St-Estephe is perhaps the most misunderstood of the Medoc’s great wine appellations. For a start, there are only five classified growths, and none of them are First Growth. Moreover, St-Estephe is typically accused of producing rustic, and sometimes tough wines with an imposing tannic backbone – not an entirely undeserved criticism. The gravel banks which give the Haut-Medoc and its wines their character and quality begin to peter out at St-Estephe. It is the northernmost of the four famous appellations that are the heart of the Medoc – St-Julien, Margaux, Pauillac, and St-Estephe.
Yet St-Estephe does produce some of the most venerable clarets in Bordeaux – they just require a bit of patience. Often tough and closed in their youth, superlative wines such as Montrose and Calon-Segur open up after about 10 years to wonderful complexity, filling your mouth with flavor. The best wines are perfumed, robust and very long-lived. Today there are some 1,200 hectares under vine in St-Estephe, with a total annual production of approximately 8 million bottles.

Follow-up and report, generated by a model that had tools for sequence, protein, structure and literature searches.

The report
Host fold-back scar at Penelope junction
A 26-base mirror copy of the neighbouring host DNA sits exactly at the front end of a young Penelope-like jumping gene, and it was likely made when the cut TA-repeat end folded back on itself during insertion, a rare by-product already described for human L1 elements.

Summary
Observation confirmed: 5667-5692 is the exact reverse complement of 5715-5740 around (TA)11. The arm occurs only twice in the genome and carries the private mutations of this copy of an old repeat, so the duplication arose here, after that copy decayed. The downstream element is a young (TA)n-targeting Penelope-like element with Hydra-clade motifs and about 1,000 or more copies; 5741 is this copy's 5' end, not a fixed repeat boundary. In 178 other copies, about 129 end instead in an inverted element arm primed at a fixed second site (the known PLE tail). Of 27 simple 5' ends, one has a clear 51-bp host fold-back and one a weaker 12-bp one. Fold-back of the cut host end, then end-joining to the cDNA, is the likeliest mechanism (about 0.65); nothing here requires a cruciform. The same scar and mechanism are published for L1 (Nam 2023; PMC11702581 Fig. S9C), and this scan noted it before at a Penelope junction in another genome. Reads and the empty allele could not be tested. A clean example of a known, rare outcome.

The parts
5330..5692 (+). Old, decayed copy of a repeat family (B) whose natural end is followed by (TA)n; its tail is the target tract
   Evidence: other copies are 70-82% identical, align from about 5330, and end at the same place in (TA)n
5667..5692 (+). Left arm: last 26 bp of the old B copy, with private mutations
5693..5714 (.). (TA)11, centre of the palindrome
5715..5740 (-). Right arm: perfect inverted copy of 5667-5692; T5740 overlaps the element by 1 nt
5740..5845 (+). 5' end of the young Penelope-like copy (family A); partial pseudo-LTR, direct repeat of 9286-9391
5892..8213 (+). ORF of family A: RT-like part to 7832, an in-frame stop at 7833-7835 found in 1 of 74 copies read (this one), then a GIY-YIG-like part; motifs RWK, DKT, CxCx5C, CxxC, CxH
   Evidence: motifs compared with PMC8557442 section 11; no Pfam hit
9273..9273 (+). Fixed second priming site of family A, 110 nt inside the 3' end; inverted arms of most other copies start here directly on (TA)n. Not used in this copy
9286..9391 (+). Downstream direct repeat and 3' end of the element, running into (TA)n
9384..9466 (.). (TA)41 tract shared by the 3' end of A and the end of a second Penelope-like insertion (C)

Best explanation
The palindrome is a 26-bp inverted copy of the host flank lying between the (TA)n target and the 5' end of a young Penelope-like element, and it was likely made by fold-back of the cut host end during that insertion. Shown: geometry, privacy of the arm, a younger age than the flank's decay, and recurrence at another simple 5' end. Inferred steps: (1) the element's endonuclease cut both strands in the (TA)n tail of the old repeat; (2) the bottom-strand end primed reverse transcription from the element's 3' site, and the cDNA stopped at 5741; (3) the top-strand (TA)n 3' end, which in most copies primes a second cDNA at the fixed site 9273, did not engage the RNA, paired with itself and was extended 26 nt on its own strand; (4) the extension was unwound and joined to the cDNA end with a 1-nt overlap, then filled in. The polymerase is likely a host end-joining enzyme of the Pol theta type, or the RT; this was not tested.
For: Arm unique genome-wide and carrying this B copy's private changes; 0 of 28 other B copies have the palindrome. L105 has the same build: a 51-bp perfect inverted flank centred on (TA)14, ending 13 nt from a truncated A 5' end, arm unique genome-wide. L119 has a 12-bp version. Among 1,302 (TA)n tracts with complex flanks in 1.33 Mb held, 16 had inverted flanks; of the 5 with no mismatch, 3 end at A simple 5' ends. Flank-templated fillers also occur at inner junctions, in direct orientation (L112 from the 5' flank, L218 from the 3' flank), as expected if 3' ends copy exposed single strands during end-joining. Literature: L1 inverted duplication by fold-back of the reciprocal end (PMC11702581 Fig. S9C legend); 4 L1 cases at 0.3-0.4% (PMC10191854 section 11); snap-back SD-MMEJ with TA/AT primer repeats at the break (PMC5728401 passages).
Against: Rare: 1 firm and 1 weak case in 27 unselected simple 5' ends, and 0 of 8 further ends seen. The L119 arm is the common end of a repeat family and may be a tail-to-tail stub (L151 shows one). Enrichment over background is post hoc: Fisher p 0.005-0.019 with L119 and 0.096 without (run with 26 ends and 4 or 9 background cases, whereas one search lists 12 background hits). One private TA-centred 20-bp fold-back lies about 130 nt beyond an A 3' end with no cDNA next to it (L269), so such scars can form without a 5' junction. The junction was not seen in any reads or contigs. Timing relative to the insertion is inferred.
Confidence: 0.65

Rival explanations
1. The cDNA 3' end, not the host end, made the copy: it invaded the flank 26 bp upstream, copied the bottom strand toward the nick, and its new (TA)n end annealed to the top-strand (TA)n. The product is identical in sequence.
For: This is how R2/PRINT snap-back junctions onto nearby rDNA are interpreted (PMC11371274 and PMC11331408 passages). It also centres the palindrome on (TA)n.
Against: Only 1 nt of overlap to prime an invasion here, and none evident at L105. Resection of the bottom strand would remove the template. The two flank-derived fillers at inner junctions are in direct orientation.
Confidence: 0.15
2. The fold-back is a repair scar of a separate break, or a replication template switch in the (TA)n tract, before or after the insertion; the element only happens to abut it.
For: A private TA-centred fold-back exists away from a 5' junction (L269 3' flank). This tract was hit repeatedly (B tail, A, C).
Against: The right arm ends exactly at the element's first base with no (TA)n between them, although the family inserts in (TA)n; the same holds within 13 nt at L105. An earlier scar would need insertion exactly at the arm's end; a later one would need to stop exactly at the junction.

The terroir is quite different from neighboring Pauillac; as the gravel washed down the Gironde diminishes there is a stronger mixture of clay found in it. In the northern and western parts of the region, there are also sandier soils that tend to give lighter wines, while the cooler clay and limestone soils are more situated to Merlot. In recent years there has been a significant shift toward Merlot, replacing Cabernet Sauvignon with a grape that is easier to grow in many parts of St-Estephe.
However, there is exceptional terroir in the appellation, but it is found in relatively discreet locations along the band of croupes or gravel mounds overlooking the estuary. Nevertheless, heavier clay soils dominate overall, and these are ideal in hot vintages like 2003. Even in the blistering heat of 2003, the vineyards at St-Estephe were relatively untroubled because of the excellent water -retaining properties of clay soils. Conversely, in wet or cool years St-Estephe generally performs less well than the other regions.
Overall, though, St-Estephe is a very dynamic region bursting with delicious wines. In the past, harsh tannins were often a result of picking the Cabernet Sauvignon far too early, but that practice has been largely abandoned as estates strive for ever greater levels of excellence and reliability in this splendid and beautiful part of the Medoc.